• Make your entrance inviting: If the exterior of your house has outdated light fixtures or worn out address numbers, consider replacing them along with your welcome mat. A new mat is always inviting to people touring your home.
  • Secure your valuables: If you didn’t already store your valuables away in the storage unit you rented, you’ll want to make sure that these are not kept in plain sight. In fact, if you have a safe of some kind, that would be a perfect place to store your valuables while open houses and home tours are taking place.

Unlike open houses that are planned in advance, personal showings can happen at any point during the home selling process. The key is to be flexible and maintain your home’s cleanliness to make it easier on yourself in case of unexpected tours that may just pop up at moment’s notice. You want to make a great first impression every time!

10) Have a Plan in Case Your Home Doesn’t Sell Quick Enough

You and your real estate agent should have already gone over this beforehand, but not every house sells after the first open house. There are many factors at play and depending on the condition of the housing market for your area, your real estate agent may have to use some other strategies in their arsenal to get your house sold.

If it’s lowering the price of your home or holding more open houses, you’ll want to agree on what the next steps should be in case your house isn’t seeing any offers.

11) Negotiate the Selling Price of Your Home

One thing to consider is that the buyer is trying to get the absolute best price they can, while you’re doing the exact same. There will be multiple factors to consider as each home sold and purchased is different. For example, if it’s a buyer’s market that means the buyer has the upper hand because there are multiple listings with fewer offers being made. But that doesn’t necessarily mean you have to make huge concessions in order to sell your home.

This is where your agent really steps up. They will help you navigate the negotiation process, and will give you their advice on how to proceed when offers are being made. Luckily, you interviewed and hired the right agent, so you know they have your best interests in mind. There are several factors and tactics to consider when entering this phase. Your agent will help you every step of the way as you navigate through the negotiation process.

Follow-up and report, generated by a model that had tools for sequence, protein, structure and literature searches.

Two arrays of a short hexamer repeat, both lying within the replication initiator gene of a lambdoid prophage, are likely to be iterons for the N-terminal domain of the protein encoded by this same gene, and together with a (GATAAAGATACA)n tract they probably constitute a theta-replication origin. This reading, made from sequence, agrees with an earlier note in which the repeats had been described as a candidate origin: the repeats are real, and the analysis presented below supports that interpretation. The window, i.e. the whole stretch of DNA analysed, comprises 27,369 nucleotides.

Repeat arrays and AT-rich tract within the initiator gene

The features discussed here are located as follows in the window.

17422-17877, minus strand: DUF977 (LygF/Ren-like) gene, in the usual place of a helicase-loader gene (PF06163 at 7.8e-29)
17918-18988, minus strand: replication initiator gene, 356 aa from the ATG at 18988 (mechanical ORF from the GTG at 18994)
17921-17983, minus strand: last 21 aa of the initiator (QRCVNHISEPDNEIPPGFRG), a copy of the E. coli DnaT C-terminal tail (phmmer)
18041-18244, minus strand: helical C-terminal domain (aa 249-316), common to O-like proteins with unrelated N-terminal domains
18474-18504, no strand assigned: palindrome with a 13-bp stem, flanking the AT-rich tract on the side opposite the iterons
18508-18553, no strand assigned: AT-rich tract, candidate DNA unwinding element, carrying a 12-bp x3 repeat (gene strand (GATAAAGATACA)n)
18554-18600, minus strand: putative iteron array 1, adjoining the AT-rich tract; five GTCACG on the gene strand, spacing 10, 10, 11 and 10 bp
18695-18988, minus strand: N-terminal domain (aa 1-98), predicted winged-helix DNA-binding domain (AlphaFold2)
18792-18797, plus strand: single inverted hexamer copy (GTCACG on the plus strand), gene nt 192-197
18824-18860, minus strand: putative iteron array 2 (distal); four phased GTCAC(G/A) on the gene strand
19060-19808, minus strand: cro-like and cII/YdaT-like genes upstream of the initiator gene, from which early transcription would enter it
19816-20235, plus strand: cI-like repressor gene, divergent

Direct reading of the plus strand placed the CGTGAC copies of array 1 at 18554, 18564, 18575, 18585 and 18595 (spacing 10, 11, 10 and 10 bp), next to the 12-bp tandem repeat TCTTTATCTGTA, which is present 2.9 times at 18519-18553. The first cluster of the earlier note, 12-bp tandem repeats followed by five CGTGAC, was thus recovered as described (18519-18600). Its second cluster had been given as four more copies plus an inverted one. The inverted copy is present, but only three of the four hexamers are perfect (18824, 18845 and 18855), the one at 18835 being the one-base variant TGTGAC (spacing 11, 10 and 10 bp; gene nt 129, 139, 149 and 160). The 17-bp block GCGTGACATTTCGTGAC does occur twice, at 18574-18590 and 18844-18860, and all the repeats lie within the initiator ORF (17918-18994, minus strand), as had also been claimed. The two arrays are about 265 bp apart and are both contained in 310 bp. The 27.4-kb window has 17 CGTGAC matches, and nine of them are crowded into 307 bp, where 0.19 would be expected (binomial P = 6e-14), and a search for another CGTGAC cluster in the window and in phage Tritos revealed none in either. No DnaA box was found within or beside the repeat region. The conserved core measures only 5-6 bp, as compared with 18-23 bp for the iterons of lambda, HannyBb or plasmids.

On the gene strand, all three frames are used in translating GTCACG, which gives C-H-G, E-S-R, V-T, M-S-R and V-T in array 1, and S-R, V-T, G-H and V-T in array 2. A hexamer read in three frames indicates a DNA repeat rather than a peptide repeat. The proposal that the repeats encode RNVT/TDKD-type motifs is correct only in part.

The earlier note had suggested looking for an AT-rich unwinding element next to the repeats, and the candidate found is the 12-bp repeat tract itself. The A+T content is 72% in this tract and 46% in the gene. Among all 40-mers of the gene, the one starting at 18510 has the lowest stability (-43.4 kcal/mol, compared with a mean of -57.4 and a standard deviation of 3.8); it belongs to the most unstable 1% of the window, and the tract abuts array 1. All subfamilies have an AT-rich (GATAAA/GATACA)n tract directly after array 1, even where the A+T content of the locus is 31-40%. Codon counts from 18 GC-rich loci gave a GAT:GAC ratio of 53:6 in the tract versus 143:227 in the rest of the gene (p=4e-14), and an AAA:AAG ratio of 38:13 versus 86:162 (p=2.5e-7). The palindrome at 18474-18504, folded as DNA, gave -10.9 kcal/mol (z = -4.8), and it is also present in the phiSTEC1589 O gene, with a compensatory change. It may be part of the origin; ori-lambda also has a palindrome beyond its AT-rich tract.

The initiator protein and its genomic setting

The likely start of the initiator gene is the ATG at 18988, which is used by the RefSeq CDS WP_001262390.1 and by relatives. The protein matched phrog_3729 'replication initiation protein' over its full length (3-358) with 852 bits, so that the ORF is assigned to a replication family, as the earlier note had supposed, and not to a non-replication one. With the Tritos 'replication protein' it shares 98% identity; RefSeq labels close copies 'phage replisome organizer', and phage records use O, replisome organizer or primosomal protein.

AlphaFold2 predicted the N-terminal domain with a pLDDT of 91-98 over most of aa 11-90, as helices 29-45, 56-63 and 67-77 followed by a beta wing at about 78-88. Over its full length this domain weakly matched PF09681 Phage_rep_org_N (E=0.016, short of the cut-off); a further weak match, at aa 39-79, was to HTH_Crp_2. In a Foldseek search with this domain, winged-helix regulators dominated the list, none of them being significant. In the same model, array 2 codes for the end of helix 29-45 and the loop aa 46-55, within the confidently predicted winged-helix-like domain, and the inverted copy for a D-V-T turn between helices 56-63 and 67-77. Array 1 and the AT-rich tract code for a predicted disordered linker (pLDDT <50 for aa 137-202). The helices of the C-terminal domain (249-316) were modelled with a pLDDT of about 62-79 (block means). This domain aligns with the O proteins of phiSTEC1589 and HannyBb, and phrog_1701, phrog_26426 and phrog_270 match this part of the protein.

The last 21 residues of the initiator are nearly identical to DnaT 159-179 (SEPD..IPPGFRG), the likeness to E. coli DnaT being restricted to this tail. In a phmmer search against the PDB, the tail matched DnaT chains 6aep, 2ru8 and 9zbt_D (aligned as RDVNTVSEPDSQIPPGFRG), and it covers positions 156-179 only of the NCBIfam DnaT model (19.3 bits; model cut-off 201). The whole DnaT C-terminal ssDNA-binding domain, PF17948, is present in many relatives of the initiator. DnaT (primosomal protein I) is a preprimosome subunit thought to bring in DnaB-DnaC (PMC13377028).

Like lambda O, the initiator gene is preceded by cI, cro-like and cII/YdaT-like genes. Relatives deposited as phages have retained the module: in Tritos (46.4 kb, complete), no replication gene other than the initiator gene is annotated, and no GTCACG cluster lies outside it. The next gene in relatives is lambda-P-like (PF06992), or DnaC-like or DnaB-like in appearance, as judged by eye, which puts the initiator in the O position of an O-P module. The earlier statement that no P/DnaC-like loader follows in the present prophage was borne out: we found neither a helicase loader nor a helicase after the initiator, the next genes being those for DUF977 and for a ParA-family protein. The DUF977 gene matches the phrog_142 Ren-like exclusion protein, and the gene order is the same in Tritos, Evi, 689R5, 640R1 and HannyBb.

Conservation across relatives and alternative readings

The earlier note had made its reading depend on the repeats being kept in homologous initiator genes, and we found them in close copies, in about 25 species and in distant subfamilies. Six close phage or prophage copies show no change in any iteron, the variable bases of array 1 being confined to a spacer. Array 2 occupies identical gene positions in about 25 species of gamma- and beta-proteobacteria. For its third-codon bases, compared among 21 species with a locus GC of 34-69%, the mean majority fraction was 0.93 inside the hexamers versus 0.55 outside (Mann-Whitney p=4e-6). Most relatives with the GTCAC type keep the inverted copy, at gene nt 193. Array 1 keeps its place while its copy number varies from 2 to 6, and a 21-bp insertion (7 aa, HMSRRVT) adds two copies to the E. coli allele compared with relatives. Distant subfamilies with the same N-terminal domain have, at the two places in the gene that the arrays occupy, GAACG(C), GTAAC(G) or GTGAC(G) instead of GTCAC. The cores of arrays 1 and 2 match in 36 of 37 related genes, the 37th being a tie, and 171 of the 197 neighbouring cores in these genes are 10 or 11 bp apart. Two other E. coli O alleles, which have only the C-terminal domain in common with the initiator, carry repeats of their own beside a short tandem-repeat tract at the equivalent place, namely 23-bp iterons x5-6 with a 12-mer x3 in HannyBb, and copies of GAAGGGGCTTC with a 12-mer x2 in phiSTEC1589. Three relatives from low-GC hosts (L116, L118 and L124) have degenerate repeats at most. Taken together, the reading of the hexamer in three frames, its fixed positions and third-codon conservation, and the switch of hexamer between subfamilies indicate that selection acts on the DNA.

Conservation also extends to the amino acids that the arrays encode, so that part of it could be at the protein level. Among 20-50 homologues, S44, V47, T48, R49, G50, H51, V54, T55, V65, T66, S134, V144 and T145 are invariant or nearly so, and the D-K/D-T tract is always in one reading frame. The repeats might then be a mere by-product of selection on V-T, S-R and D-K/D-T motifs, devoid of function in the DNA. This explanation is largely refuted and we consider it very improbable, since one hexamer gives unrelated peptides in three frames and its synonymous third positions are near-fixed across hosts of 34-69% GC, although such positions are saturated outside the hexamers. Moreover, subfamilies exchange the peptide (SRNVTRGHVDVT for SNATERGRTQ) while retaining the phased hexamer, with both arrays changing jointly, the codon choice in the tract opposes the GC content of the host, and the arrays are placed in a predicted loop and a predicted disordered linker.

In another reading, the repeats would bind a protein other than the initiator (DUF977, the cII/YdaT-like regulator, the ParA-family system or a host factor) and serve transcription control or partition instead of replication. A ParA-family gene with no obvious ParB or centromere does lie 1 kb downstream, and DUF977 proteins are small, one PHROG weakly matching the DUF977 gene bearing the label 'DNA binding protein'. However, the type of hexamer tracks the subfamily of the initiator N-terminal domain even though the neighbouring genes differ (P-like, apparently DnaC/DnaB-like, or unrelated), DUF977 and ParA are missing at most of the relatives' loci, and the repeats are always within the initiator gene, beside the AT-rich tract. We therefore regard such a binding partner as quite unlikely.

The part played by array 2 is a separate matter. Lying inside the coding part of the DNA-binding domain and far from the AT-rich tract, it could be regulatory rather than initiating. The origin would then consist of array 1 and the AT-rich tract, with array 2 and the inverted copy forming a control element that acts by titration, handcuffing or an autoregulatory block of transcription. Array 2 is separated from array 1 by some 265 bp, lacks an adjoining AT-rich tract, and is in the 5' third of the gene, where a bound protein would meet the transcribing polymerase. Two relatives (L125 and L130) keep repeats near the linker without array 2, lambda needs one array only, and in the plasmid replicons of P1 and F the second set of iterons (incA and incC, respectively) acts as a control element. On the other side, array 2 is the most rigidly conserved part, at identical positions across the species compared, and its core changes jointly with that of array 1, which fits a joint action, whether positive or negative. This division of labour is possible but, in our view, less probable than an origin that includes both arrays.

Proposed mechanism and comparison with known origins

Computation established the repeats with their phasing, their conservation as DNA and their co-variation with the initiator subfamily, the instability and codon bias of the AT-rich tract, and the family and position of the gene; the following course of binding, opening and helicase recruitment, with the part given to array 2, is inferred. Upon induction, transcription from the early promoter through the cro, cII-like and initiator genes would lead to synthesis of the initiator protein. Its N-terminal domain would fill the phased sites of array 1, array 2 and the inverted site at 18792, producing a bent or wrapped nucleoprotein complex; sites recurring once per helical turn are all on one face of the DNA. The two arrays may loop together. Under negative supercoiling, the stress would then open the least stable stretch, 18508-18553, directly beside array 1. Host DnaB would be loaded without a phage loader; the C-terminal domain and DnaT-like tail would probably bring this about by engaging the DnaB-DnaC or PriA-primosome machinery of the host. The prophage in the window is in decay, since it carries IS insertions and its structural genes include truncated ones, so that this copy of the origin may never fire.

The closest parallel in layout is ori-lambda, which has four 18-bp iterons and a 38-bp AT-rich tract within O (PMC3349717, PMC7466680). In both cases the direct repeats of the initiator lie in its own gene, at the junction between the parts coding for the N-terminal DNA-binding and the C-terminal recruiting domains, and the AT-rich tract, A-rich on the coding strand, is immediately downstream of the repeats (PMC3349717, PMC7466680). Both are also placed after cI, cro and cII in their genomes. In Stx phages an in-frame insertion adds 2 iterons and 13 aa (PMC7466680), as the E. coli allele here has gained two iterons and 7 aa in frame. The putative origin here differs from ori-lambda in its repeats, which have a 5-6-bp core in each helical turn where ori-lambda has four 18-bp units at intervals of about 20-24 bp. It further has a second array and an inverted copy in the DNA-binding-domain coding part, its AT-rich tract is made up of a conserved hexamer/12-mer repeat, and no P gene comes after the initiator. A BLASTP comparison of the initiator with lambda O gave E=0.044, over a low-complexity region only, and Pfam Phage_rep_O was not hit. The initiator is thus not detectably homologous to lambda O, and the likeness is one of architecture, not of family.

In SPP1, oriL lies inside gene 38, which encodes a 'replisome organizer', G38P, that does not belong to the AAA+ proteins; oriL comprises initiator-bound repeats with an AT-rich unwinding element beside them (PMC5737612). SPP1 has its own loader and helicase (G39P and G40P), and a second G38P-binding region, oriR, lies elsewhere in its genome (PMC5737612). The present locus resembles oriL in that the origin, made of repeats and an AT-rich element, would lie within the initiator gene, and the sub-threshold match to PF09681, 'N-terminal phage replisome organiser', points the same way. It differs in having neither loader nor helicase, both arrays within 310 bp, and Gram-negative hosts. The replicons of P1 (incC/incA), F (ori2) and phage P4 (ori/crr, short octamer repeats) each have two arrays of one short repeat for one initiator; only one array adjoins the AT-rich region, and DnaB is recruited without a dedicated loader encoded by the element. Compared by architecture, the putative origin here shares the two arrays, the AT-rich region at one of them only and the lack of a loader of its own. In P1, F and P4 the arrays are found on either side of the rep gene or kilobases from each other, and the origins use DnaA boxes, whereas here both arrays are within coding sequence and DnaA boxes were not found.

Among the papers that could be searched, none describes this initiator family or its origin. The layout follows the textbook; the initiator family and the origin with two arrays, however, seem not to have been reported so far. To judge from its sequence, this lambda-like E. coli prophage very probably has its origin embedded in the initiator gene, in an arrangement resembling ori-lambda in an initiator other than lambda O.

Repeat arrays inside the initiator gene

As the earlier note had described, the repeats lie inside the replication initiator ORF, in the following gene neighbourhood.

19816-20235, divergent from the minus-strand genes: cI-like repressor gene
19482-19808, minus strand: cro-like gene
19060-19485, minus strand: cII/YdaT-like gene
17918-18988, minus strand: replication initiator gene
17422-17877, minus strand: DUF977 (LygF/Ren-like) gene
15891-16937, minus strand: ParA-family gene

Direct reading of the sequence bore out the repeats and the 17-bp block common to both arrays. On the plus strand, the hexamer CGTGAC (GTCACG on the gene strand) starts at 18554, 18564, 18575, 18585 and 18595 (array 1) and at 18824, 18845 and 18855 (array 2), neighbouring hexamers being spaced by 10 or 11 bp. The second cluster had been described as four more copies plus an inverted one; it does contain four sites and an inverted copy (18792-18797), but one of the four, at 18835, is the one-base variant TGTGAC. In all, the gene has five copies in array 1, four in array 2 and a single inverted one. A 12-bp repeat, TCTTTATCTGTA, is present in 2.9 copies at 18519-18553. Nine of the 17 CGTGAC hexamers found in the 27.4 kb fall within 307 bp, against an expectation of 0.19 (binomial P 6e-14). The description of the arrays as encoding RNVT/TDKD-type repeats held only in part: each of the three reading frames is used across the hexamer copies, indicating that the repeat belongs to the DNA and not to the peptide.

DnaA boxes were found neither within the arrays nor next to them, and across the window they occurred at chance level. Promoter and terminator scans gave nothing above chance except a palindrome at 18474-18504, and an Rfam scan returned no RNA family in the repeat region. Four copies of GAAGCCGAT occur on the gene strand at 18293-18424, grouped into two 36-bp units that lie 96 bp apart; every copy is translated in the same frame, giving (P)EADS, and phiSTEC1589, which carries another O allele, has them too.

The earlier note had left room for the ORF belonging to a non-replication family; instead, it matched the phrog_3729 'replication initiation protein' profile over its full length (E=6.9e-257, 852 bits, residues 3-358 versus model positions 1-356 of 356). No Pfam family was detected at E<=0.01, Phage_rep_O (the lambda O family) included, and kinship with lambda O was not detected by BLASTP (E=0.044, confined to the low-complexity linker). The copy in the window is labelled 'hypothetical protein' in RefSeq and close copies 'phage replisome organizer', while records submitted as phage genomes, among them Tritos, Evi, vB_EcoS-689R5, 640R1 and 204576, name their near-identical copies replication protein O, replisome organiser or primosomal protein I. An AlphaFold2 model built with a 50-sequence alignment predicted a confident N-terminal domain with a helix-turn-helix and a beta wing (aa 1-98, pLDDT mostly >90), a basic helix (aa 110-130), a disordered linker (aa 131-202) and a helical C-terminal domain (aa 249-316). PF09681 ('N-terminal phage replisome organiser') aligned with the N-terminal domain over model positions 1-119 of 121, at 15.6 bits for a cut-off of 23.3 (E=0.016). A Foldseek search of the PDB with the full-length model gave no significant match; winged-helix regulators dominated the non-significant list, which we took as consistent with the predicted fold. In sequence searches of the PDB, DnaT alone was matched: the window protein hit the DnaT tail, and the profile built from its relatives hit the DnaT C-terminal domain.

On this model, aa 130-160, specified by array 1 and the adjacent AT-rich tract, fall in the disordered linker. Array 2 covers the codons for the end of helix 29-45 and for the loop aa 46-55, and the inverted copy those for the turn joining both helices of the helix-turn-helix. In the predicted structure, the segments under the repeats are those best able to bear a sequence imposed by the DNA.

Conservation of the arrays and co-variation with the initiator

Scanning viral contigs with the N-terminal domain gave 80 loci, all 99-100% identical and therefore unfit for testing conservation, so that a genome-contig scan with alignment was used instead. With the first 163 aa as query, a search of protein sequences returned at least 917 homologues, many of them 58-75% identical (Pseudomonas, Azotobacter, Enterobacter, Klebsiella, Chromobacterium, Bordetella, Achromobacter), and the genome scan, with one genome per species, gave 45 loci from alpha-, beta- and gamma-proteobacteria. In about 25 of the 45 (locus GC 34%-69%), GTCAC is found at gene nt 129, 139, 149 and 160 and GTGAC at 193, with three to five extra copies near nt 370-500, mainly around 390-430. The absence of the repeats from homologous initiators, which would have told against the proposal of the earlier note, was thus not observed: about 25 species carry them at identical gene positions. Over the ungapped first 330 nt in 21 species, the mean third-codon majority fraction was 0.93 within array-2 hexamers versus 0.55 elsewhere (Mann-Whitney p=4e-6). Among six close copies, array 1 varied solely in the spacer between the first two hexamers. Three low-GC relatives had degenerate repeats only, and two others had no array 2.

You most likely have made many great memories in your home. Your children may have grown up in your house and marks of their heights years past still scar the wall near the kitchen. It’s difficult, but try to separate yourself – emotionally – from your house. Whatever your memories may be, just remember they are not lost, but they also have no place in negotiations. Try to remain objective during this process and rely on your real estate agent for advice and how to proceed.

12) Sign and Close

This is the moment you and your agent have been working towards. You’ve agreed on a price with the buyers, any and all inspections and appraisals of your home have been completed, and you are now signing the papers to sell your house. Congratulations, you’ve done it!


Article re-posted with permission by the author, Jeff AnttilaRedfin

Posted by South Florida Home Inspections  |  Comments Off on How to Sell Your House in 2019  |  in Realtor Tips

What You Need to Buy a House in 2019

You are about to embark on one of the most amazing and rewarding experiences that can ever come from spending money: buying a home. If you are buying a home in 2019, you should know that the entire process is not quick, but when all is said and done, there are few things more exhilarating than buying a house. This guide will help equip you with what you need to buy a house this year.

1. Check Your Credit Score

Before applying for a loan and certainly before ever making an offer on a house, you should know your credit score. Why is your credit score important? Well, it’s not only the difference between getting a low-interest rate on a home loan versus a high one, but it will also directly impact how much a bank or lender will actually loan you. There are several websites you can use to check your credit score, here are a few to consider: TransUnion, Equifax, Experian.

You can check your own score as much as once a day without affecting your credit, also known as a soft inquiry. Hard inquiries are when financial institutions check your credit score, typically when you’re applying for a loan or credit card. Hard inquiries lower your credit score a few points, so try to keep hard inquiries to a minimum.

2. Improve Your Credit Score

Maybe you just checked your credit score and realized it’s not as high as you had expected. Don’t worry, there are a few things you can do now that will help raise your credit score so you can capitalize on a great interest rate.

Though you can easily implement steps to help your credit score, fixing or raising a credit score doesn’t happen overnight. It’s imperative to start now so when you go to apply for a home loan your credit score will (hopefully) be where you want it. Here are three tips to help improve your credit score, and recommended by John Heath, Directing Attorney at Lexington Law: